There wasn’t an undue focus on structure and content beyond managing time constraints and would what was planned get the delegates to shared understanding and deliver the outcome anticipated. The workshop team put together a 3 hour programme based on 5 sessions each with a short introduction to set the scene and put a challenge to the delegates where their responses and conclusions influenced how long each session lasted and how the next or following session would need to adapt to what had already been contributed by the delegates – an unbelievably flexible and intuitive approach to doing things only possible because of the openness Ann and Ruth engendered and the trust they developed between their teams. A lot of thought was given to the facilitation of the event, it was agreed a member of Ruth’s team would act as single facilitator with a key responsibility to make the transitions between sessions seamless bringing together the contributions made by the delegates as the sessions progressed. This might sound a bit twee – but think of all the initiatives where event planning has been the focus of endeavour, with sweat and indeed tears being shed and where stake holding has got in the way as the design of the event and managing for every eventually has been important rather than successful inclusive delivery being the measure of success.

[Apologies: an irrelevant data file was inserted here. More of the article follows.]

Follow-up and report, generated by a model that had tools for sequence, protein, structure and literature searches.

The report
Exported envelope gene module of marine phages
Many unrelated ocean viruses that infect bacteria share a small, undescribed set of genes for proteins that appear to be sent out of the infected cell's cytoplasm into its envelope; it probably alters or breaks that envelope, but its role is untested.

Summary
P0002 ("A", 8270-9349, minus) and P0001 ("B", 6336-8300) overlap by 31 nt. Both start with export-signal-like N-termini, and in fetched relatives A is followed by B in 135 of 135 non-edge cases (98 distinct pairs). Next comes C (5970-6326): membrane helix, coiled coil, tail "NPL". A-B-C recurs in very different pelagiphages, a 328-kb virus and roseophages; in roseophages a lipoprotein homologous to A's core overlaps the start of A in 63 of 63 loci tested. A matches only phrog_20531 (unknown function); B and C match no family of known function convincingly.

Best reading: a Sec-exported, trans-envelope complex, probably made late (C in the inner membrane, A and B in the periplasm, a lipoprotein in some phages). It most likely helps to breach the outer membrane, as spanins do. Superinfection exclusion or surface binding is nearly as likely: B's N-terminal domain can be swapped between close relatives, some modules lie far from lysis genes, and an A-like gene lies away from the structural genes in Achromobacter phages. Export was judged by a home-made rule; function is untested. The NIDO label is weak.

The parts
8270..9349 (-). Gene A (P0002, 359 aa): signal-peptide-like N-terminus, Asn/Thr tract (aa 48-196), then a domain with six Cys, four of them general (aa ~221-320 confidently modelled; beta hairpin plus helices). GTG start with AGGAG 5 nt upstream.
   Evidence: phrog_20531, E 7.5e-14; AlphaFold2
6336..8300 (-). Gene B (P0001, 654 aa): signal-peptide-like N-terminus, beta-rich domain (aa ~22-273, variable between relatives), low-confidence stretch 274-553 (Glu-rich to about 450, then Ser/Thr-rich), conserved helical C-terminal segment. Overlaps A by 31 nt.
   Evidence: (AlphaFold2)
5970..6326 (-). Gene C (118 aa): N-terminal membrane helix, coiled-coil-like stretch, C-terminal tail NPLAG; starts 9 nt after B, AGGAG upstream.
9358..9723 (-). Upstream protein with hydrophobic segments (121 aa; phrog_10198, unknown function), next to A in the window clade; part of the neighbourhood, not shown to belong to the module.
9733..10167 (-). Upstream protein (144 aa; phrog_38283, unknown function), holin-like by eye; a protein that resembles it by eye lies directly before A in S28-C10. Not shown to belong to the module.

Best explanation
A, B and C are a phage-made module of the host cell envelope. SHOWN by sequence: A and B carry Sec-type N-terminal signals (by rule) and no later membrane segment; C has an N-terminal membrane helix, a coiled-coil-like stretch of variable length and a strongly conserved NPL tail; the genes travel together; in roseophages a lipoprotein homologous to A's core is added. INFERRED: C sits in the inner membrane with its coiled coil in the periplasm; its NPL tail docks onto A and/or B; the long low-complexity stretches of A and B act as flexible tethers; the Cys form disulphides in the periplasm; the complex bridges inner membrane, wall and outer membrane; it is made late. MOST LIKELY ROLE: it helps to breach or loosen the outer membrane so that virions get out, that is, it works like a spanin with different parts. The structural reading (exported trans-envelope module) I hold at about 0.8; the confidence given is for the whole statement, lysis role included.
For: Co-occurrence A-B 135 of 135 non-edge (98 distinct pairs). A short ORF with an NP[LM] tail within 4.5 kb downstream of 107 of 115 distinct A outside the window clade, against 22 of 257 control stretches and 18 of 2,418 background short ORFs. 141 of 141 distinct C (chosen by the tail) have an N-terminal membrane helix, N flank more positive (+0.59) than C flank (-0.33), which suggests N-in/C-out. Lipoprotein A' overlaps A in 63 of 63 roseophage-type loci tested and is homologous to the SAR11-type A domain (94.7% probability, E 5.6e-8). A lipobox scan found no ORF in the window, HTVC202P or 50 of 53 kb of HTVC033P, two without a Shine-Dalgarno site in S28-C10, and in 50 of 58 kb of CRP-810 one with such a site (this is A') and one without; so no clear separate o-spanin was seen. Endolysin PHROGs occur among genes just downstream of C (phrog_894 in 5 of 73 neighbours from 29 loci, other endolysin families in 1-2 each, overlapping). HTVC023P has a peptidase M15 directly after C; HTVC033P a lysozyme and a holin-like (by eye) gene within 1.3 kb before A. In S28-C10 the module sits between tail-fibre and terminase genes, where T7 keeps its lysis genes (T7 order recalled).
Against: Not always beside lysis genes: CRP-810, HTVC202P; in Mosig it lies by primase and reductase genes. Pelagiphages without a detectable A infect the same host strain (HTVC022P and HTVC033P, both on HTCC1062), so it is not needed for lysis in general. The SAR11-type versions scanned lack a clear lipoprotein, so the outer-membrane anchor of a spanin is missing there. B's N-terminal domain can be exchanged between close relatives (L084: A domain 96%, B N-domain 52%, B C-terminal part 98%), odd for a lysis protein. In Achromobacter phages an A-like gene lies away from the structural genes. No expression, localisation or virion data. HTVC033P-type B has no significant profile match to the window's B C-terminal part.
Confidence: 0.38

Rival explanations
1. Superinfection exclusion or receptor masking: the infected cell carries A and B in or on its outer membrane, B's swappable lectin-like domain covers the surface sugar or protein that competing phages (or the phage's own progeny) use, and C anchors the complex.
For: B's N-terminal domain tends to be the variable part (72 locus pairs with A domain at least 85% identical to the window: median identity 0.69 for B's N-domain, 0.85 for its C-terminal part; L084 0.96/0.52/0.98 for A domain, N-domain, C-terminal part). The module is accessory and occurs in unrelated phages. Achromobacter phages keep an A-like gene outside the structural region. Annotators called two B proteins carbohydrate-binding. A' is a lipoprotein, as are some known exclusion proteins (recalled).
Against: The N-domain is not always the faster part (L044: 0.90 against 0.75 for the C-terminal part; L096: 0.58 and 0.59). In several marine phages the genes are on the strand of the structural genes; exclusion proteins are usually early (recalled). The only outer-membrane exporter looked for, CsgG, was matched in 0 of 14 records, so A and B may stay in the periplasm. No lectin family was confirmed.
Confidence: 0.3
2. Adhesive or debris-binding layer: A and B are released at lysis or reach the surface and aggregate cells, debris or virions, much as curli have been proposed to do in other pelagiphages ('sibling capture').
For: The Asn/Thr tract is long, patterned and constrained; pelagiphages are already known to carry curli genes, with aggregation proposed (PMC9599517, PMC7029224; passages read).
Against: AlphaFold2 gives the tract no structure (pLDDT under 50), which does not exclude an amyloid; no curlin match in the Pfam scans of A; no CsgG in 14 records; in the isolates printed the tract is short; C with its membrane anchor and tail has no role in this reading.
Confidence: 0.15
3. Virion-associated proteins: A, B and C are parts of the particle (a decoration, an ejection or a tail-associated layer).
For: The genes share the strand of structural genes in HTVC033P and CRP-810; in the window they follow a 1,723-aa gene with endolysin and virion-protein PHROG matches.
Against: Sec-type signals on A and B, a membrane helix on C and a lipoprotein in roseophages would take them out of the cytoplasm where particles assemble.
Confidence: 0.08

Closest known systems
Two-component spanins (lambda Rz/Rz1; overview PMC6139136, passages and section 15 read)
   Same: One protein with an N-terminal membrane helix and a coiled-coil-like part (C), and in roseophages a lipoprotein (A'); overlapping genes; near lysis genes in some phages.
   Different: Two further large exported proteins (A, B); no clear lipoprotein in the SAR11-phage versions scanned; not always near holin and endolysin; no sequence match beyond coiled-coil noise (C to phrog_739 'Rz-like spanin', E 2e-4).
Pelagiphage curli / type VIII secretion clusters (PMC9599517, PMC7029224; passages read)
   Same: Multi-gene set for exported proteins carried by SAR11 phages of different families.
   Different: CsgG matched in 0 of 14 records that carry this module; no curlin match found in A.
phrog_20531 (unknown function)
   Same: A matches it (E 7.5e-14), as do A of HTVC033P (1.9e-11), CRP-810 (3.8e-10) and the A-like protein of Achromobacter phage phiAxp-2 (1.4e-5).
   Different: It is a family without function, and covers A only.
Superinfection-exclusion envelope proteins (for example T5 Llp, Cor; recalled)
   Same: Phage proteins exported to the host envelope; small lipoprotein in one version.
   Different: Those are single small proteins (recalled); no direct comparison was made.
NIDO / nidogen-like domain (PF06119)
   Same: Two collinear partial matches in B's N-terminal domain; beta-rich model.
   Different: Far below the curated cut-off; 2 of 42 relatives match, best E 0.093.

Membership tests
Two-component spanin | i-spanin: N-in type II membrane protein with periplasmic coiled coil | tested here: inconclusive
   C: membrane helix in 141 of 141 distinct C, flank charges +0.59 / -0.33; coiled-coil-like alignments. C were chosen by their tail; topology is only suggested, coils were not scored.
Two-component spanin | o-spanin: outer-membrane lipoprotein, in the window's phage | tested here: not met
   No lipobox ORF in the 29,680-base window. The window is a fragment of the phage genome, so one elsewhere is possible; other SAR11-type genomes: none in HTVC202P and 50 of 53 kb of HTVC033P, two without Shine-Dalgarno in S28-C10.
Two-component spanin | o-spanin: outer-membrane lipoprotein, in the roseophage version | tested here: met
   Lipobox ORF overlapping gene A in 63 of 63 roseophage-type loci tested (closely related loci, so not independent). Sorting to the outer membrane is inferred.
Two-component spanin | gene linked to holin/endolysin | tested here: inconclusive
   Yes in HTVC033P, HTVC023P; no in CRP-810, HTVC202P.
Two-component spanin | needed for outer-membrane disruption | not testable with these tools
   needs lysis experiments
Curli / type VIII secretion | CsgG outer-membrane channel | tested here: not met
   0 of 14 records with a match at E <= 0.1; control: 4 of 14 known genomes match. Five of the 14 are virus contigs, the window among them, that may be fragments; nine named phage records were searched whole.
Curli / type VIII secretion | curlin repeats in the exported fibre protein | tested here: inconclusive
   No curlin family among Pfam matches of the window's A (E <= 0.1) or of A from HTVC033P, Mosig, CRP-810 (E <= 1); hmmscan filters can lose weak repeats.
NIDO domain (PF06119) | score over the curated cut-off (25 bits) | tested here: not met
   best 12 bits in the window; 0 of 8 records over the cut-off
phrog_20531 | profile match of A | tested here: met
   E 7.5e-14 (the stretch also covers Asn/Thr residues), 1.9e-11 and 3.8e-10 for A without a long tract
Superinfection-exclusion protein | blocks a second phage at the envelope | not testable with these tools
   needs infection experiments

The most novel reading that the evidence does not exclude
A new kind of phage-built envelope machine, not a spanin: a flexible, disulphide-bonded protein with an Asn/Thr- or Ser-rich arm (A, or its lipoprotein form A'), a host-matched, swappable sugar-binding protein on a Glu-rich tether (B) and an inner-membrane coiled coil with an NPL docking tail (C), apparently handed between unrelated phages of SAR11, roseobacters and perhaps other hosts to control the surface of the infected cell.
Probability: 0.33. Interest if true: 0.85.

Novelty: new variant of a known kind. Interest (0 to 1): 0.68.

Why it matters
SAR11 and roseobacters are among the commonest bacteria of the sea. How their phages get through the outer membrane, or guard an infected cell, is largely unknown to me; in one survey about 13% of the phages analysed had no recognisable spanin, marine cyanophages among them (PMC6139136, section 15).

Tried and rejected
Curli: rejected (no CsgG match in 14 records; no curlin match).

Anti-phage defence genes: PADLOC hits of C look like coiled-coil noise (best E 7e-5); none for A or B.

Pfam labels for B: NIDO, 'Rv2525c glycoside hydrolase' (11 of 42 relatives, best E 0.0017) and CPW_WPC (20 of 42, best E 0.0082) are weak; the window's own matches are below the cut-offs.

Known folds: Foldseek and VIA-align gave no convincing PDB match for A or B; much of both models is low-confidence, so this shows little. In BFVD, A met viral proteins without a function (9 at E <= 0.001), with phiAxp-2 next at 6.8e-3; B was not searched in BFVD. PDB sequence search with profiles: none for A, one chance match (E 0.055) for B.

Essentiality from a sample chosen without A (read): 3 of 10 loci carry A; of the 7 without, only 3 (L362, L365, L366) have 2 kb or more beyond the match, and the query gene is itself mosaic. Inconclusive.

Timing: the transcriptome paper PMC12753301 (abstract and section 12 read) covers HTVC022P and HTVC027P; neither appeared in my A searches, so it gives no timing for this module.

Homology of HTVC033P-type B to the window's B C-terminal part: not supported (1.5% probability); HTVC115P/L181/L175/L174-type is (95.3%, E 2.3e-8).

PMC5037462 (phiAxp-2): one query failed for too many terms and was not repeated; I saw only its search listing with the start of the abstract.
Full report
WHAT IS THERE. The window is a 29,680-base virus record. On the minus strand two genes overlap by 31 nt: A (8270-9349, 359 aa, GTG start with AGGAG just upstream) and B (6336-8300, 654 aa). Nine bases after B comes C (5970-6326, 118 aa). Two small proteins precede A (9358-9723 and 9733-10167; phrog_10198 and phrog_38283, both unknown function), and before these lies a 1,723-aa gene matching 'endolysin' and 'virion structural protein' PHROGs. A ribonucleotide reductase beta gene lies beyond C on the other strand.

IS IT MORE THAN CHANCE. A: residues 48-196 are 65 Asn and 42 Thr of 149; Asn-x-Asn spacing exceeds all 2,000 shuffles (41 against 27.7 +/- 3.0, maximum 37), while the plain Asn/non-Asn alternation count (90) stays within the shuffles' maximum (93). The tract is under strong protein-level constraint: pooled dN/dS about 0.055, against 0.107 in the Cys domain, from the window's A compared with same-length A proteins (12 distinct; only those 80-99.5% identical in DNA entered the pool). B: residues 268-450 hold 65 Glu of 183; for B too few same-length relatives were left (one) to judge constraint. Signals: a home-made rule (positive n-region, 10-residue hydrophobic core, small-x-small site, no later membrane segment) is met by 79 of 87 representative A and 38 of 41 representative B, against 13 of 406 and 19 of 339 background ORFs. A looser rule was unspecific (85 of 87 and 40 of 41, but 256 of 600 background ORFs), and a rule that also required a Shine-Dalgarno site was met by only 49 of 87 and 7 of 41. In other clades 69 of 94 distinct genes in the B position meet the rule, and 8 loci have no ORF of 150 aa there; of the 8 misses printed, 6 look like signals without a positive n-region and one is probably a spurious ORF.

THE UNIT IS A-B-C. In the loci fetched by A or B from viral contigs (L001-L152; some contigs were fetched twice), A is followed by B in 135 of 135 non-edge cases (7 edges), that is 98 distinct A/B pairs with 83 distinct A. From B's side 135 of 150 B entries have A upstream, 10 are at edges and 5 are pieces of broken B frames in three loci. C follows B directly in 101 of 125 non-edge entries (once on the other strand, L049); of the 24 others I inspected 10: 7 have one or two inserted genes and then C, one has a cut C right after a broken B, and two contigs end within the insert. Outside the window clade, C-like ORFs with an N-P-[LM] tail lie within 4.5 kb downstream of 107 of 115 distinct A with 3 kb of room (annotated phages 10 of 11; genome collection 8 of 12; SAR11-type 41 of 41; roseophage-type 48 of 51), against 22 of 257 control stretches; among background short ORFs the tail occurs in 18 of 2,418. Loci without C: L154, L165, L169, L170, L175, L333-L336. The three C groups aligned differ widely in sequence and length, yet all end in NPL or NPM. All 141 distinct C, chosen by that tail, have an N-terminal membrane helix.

To deliver, while there had to be clarity and certainty about the nature and significance of the learning under the GTF understanding the delegates to the event and their needs in introducing any technology or digital themes into the curriculum was paramount. Colleagues at The School of Health and Social Care at Staffordshire University were described as having a rich and diverse variety of professional backgrounds. Those teaching on health-related programmes having clinical experience as nurses, midwives, paramedics and Operating Department practitioners. The academics in the Social Work and Social Welfare team represent the professions working to improve the welfare of local and indeed regional citizens and beyond – many of them are Social Workers or Welfare Advisors in the voluntary sector by background. Academic colleagues were described as responsible for delivering the most contemporaneous knowledge, clinical skills and practices in order to equip graduates with the ability to perform safely and effectively in their professional roles upon graduation. They design and bring together the component parts of the curricula against which students are taught and assessed. To be effective it is essential, therefore, that this wide and diverse workforce themselves feel confident in their knowledge of evolving trends in practice including technology and digital assisted practice. The planned initiative involving Ruth and her team was timely as colleagues with the School had begun to discuss how they could ensure that they could respond to the increasing demand from their students about the utilisation of digital technologies. Ruth and Ann understood that the School of Health and Social Care team were ideally placed given their rich mix of interactions and involvement with not just students but NHS and healthcare partners, service users and carers and other key stake holders to bring forward the introduction and integration of TECS and digital into planning and practice. The strategic place the University team holds in Staffordshire was clear including this talented team of academics and experienced tutors have influence over the skill-set that graduates will have on entering into the workplace of a modern NHS and Social Care system.